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UKRAINE'S ORANGE REVOLUTION ALLIES CONTINUE COALITION TALKS. Former Prime Minister Yuliya Tymoshenko, leader of the eponymous political bloc, met with Roman Bezsmertnyy, head of the Our Ukraine People's Union, and Socialist Party leader Oleksandr Moroz on April 10 to discuss the formation of a democratic coalition in the newly elected Verkhovna Rada, Ukrainian media reported. "Our decision is firm. All three sides have declared that a coalition will consist of three political forces -- the Our Ukraine bloc, the Yuliya Tymoshenko Bloc, and the Socialist Party. Any other political forces will not be allowed to join it," Tymoshenko told journalists after the meeting. The three allies from the 2004 Orange Revolution reportedly decided to draft a coalition agreement within the following two days. "We believe the road we have taken is the right one. We see no threats so far," Bezsmertnyy commented on the coalition talks. JM

OFFICIALS ANNOUNCE FINAL RESULTS OF UKRAINIAN PARLIAMENTARY ELECTIONS. The Central Election Commission on April 10 made public the final results of the March 26 parliamentary poll, Ukrainian media reported. The Party of Regions won 32.14 percent of the vote, the Yuliya Tymoshenko Bloc 22.29 percent, Our Ukraine 13.95 percent, the Socialist Party 5.69 percent, and the Communist Party 3.66 percent. In the 450-seat Verkhovna Rada, the Party of Regions will have 186 seats, the Yuliya Tymoshenko Bloc 129, Our Ukraine 81, the Socialists 33, and the Communists 21. Of the remaining 40 parties and blocs, the closest to overcoming the 3 percent voting hurdle were the Natalya Vitrenko Bloc (2.93 percent) and the Lytvyn People's Bloc (2.44 percent). Election turnout was 67.7 percent. JM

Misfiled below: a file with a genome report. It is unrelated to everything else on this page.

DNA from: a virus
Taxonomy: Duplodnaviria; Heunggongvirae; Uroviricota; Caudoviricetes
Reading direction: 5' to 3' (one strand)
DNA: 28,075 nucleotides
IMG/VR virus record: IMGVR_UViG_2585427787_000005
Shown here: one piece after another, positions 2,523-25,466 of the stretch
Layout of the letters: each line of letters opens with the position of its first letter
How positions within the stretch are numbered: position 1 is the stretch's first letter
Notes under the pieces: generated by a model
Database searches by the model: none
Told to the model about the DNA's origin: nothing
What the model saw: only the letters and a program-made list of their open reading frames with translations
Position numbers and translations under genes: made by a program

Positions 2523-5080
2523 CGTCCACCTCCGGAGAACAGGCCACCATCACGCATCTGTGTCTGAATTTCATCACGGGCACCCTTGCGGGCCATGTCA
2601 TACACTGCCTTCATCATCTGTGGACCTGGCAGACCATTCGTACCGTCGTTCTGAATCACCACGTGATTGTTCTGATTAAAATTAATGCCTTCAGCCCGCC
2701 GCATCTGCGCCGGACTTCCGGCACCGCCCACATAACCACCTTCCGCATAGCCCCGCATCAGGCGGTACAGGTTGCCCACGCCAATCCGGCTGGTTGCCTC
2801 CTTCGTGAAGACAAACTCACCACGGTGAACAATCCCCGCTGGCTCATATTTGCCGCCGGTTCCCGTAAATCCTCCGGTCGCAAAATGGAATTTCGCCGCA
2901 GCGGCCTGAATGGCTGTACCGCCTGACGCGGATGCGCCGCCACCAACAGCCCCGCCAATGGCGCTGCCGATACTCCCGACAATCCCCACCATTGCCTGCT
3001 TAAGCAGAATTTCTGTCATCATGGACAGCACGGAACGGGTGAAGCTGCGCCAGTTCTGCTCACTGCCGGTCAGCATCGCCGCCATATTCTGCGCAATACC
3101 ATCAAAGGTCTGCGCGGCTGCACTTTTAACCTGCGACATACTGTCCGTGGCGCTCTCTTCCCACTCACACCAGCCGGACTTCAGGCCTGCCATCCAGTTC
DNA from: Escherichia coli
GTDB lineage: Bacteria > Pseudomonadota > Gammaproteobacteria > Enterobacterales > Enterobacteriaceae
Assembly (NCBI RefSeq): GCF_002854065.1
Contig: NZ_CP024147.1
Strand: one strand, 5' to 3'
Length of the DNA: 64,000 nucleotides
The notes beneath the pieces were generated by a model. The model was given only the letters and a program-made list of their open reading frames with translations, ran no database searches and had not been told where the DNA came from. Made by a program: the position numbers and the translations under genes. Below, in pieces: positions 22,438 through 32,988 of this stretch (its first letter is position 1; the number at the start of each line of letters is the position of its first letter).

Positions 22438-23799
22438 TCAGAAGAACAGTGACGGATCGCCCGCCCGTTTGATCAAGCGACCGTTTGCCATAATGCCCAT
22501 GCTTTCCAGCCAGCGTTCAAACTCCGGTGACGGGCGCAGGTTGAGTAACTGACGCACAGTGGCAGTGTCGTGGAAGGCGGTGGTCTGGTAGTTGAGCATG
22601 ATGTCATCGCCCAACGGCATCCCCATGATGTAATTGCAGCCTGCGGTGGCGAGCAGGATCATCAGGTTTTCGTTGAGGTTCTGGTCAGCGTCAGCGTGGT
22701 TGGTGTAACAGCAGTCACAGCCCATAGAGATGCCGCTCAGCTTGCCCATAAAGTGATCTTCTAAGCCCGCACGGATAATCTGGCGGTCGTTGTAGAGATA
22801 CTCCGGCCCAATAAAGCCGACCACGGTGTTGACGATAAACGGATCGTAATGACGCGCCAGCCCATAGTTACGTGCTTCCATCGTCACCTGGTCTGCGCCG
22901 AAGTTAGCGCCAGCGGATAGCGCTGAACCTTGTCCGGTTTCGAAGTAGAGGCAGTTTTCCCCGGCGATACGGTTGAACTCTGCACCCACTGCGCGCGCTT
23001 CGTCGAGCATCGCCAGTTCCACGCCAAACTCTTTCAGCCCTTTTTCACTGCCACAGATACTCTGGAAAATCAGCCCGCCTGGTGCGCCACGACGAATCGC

...DUE TO ADDITIONAL CONDITIONS? An unnamed "source within the Russian authorities" told Interfax in Moscow on April 10 that unspecified "Western negotiators are putting forward ever new demands to Russia as a condition for admission to the WTO, and often these demands go beyond the usual set applied to other countries. In these circumstances, Russia might well [reconsider] its plans to join that organization. or at least postpone the process for a while." Also on April 10, the daily "Izvestia" cited an unnamed "high-ranking government official" as saying that "several countries, including the United States, are deliberately pursuing a policy meant to block our admission" to the WTO. That official added that the range of issues and "claims that they [bring up] time and again has been discussed more than once, and everything has [long] been settled." He added that such practices have made Russian decision-makers more receptive to the arguments of those opposed to WTO membership. President Putin said on March 29 that the United States is stalling on Russia's WTO bid. Washington denies the charges. Some Russian commentators suggested recently that the United States wants to "punish" Russia for working against U.S. interests in the Middle East, Central Asia, Ukraine, Georgia, Belarus, and elsewhere. Georgia for its part refused during talks in Geneva last month to amend its conditions for Russia's accession to the WTO (see "RFE/RL Newsline," November 28, 2005, and February 22 and March 24, 2006). PM